A ‘Smart Grid’ for Mexico?


(From: Smart Grids Flanders)

With regard to Mexico’s energy sector, the incorporation of a smart grid into its current electric system is of extreme importance and it is for this reason that the agreement signed this week between the CRE (Energy Regulating Commission) and the USTDA (U.S. Trade and Development Agency) is of such transcendental importance.

On Tuesday, June 26th, the USTDA awarded a $405,000 grant to the CRE to support the development of a regulatory framework for smart grid implementation in Mexico. The grant was signed at the U.S. Embassy in Mexico City by CRE Chairman, Francisco Xavier Salazar Diez de Sollano, and USTDA Country Manager, Keith Eischeid.

The ‘smart grid’ technology refers to electricity delivery systems that function with computers and technology in order to gather information on the behavior of electricity suppliers and consumers in order to improve efficiency, reliability and sustainability of the production and distribution of electricity. Several countries throughout the world are investing time and resources in the development of smart grids and incorporating them into their electricity networks, from power plants and wind farms all the way to the electricity consumers in homes and businesses.

Smart grid systems are especially beneficial for providing improvements in energy efficiency and these systems usually include wires, substations, transformers, and all of the necessary components in electricity provision.

In Mexico, the first steps towards the possible implementation of smart grids took place in 2010 when talk began to spur between the CFE and other government agencies. However, no real advancement had been made until this week.

With the support of the United States, Mexico can now work towards the implementation of a smart grid that will facilitate the integration of renewable energy projects and greatly reduce the country’s current electric waste.

During the signing of the grant, Anthony Wayne, the U.S. Ambassador to Mexico expressed his profound agreement with creating an international energy cooperation strategy:

“This is a perfect example of how our two governments are working together to invest in a 21st century clean energy economy. Our commitment to smart grid technology, which supports the Administration’s Energy and Climate Partnership of the Americas and the U.S.-Mexico Bilateral Framework on Clean Energy and Climate Change, will also create opportunities to develop a highly innovative sector of the economy on both sides of the border.”

According to a report published by El Financiero, the CRE identified ESTA International as the contractor for technical assistance on the U.S. side.

For Mexico, this event represents a huge step towards a stable and sustainable energy future. While the General Law on Climate Change represents the country’s commitment to renewable energy, this event shows how Mexico is read to invest time and resources in improving electricity stability as well as in the integration of renewable energy resources.

Courtesy: www.renewableenergymexico.com

Solar Energy’s Future To Be Found In Nano Technologies?

Bringing down cost is of course the holy grail of pretty much all manufacturing, but in solar energy the issue is particularly acute.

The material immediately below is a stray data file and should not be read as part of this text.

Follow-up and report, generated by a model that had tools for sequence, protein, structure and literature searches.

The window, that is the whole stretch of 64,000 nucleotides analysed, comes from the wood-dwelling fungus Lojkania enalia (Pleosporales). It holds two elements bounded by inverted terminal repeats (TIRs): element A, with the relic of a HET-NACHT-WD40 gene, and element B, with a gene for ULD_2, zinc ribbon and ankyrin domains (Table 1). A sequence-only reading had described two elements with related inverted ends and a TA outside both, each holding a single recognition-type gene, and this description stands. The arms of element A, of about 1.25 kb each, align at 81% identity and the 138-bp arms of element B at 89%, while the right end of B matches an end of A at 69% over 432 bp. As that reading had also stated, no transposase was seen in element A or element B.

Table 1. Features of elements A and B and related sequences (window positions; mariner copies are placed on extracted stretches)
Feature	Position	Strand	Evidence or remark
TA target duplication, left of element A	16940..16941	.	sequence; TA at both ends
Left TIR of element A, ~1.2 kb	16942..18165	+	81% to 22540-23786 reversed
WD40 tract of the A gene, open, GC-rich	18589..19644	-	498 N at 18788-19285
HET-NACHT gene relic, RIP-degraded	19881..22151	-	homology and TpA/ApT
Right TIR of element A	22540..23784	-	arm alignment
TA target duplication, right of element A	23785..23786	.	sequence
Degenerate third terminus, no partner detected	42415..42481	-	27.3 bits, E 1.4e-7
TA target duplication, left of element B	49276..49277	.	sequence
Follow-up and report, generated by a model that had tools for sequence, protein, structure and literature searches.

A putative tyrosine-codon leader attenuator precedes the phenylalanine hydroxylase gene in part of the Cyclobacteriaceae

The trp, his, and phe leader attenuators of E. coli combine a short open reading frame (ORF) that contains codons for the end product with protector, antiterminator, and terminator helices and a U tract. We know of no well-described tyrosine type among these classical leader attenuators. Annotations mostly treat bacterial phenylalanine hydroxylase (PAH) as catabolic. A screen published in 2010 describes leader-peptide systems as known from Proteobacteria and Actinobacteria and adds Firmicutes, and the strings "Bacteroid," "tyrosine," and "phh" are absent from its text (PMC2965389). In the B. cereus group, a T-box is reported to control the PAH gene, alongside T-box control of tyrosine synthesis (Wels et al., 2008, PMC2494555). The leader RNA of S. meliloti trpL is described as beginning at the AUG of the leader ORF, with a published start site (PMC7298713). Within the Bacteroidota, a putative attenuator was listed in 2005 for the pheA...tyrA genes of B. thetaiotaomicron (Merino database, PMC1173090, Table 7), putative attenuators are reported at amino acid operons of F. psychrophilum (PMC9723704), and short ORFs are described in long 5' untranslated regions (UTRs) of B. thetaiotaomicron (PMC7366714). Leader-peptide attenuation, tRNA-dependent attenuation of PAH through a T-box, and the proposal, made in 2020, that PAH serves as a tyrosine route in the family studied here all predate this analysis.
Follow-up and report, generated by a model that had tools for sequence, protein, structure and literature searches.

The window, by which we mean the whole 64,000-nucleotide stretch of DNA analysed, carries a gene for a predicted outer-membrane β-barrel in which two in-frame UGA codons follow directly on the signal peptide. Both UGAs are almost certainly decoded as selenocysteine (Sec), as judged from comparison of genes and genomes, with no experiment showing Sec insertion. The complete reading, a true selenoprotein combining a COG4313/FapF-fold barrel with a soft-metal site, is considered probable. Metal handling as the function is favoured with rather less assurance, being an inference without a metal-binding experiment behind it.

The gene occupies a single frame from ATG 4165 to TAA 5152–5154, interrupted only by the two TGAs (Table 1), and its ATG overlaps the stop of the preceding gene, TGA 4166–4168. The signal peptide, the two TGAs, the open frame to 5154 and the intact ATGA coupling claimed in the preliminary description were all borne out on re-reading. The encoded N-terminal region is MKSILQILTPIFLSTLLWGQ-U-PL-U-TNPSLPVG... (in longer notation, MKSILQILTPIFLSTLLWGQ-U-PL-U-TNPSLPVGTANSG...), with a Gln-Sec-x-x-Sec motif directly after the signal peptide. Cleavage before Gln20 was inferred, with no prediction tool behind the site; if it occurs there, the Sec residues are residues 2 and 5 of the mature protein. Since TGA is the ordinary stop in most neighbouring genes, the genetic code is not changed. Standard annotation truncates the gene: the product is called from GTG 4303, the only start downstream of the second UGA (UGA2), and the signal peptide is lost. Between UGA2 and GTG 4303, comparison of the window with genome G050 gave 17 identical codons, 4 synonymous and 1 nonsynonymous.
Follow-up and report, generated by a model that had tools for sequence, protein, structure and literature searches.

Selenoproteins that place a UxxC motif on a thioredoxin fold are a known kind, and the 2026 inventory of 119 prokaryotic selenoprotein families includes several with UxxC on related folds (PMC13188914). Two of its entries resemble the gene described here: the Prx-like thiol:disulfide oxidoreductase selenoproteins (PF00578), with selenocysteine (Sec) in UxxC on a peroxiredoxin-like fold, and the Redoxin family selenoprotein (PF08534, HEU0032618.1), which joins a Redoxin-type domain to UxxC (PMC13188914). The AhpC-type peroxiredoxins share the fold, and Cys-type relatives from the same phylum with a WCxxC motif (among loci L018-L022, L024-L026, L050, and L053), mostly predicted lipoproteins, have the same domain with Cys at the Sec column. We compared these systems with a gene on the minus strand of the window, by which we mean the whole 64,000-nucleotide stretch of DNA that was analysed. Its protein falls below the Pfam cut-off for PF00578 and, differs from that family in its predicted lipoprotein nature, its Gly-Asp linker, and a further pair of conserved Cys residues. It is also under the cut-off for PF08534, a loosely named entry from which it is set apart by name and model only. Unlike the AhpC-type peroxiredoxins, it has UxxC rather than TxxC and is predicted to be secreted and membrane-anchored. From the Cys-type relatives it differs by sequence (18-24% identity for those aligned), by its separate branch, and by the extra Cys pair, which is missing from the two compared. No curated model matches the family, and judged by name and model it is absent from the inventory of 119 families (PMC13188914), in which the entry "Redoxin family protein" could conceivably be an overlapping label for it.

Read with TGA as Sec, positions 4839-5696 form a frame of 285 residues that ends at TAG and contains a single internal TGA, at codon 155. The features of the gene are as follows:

When it first came on the scene was heralded as a major energy source of the future but that dream hasn’t come to fruition, in large part because solar cells remain expensive to make.

image via Solopower

Researchers from North Carolina State University are the latest scientists to tackle this problem and claim they’ve found a way of creating much slimmer thin-film solar cells, without compromising the cells’ performance.

The design of the new cells, according to the scientists, features what they’ve termed a “nanoscale sandwich,” which is unlikely to be very tasty but does deliver a tasty cost reduction via an ultra-thin active layer.

Dr. Linyou Cao, an assistant professor of materials science and engineering at NC State and co-author of a paper describing the research, explained that they created a solar cell with an active layer of amorphous silicon only 70 nanometers (nm) thick.

This was a significant improvement, Cao said, since typical thin-film solar cells currently on the market that also use amorphous silicon have active layers between 300 and 500 nm thick.

Just to be clear, the active layer of the solar cell is the part that does the converting of the sun’s rays into power, either electricity or chemical fuel.

“The technique we’ve developed is very important because it can be generally applied to many other solar cell materials, such as cadmium telluride, copper indium gallium selenide, and organic materials,” Cao said in a statement.

The new technique used by the scientists is along very similar lines to the current manufacturing process. The main difference seems to be that the layer of active material, such as amorphous silicon, is sandwiched between two coatings of dielectric material.

The dielectric nanostructures are added in such a way that they create a thin film with elevated surfaces evenly spaced all along it, similar to the crenellations at the top of a medieval castle.

“The nanostructures act as very efficient optical antennas,” Cao added. “Focusing the solar energy into the active material. This focusing means we can use a thinner active layer without sacrificing performance. In the conventional thin-film design, using a thinner active layer would impair the solar cell’s efficiency.”